JC: That’s really, my question is, cause it’s such a gray area, right. It’s not a matter of that. It’s not that people don’t trust that AI is very smart. I think the problem is that most humans don’t know when it got smarter than them. Right. So like, I guess I’m just curious. Has your company solved the human factor to when humans should now say yes, I trust the software. If it says, do this, I’m going to do that. You know, have you, have you discussed with your clients at what point they should make that transition to allowing the system run itself a little more?

Leonard: Yep. That’s a great point. I just, there’s an analogy. I have a Tesla and then there’s an autopilot mode, right.

Leonard: Of course in the beginning, no matter what you do you put two hands on the wheel, just, you know, more and more as you drive the car, you figure it is pretty good. And it’s probably better than me when I’m sleepy on the wheel. So to that point what we do is, first of all for a project deployment we have a period of POC, proof of concept. So where we ask the customer for data, whether it’s three months of data or six months of data, and then we put it into the model and then show them what the model has predicted and they can do a so-called back-testing on some of the decisions or the results they were expecting manually versus what the AI model predicted. Right? So in the case of the COVID prediction model we were working with the doctors in the Cleveland clinic on a daily basis to fine-tune the model based on some backtesting. And I think at the end of a three to four-week period of testing and tuning they were very happy with the accuracy of the model. And I think from that point onward, that’s how we were able to deploy across 16 hospitals. And they’re using that on almost a daily basis.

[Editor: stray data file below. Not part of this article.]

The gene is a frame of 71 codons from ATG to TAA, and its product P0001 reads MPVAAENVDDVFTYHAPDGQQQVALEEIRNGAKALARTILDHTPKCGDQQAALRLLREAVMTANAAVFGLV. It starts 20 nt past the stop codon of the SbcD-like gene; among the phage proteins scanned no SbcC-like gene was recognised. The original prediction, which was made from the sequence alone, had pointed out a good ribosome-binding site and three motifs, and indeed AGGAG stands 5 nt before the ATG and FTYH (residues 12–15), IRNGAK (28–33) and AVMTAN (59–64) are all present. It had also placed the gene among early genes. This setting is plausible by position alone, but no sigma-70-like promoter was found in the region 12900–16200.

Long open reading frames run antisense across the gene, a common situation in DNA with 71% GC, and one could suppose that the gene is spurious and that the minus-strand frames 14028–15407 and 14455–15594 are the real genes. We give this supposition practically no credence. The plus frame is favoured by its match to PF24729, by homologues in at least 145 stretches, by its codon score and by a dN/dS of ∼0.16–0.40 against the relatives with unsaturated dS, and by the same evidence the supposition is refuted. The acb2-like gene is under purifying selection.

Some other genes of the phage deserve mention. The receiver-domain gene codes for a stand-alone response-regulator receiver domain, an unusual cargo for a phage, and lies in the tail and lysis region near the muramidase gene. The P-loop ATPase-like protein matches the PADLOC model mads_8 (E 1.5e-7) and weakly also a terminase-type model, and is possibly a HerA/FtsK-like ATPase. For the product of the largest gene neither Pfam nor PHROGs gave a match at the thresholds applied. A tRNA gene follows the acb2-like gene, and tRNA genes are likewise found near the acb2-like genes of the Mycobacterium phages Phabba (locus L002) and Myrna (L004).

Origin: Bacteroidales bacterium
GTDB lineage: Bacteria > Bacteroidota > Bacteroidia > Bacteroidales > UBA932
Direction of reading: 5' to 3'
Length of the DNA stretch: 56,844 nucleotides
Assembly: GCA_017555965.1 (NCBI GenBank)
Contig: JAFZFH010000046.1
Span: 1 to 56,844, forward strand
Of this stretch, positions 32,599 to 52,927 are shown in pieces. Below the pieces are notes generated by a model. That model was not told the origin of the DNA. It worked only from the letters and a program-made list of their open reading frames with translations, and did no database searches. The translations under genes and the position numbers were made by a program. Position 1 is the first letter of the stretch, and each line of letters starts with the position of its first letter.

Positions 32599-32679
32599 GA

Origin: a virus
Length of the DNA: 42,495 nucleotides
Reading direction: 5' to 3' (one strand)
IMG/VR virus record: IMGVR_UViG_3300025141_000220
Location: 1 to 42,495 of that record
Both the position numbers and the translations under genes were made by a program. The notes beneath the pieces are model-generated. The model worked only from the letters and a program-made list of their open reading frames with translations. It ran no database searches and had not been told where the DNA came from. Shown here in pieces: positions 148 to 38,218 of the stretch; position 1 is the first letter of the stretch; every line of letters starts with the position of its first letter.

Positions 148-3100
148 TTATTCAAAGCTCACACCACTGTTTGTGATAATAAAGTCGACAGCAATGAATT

I like that analogy of the Tesla, by the way. Cause I think a lot of people can relate to that idea of right now of, you know, automated cars. Right. You know, especially when you hear about, and unfortunately, you know, you hear on the TV like that, you know, one went wrong and it crashed and they’re like, Oh look, we can’t trust it. And it’s like, yeah, but you really can’t trust yourself because about 30,000 people a day, you know, like crash their own cars, you know, so it mathematically speaking, you’re far safer, you know, letting the computer do it, but you know, again, it’s a human factor thing. Let me ask you this, what are some of the big milestones that beyond limits have reached that you are personally proud of?

Leonard: So I think as a company we were founded about five, six years ago here in Glendale, California. So without I think, rich technology heritage from Caltech and JPL and NASA, we were able to quickly breakthrough in the oil and gas industry, which I think a lot of AI companies out there, you know, there’s a lot of facial recognition AI, a lot of NLP and language processing and chatbots but to go into an oil and gas industry and go real deep to solve a very complex problem, I think that’s what we were able to achieve with some of our early customers in oil and gas. So we’re pretty proud of that. So the next couple of big milestone is clearly we are at the finishing stages of our series C investment round.

Leonard: We’re very pleased with the results so far and we’ll be making some announcements in the next couple of weeks. But in terms of operational milestones we went to do a couple of things. One is to expand globally. So Asia Pacific is a key market for us for many reasons, right. We all know about the growth in the different economies. And also there are certain countries in Asia that are leading the way in FinTech, for example, or healthcare, for example, right? So market expansion is one and then also because of our oil and gas, you know, you gotta be in the Middle East. So we are also doing some, some good expansion in the Middle East and in Europe as well. And then the second would be around new verticals.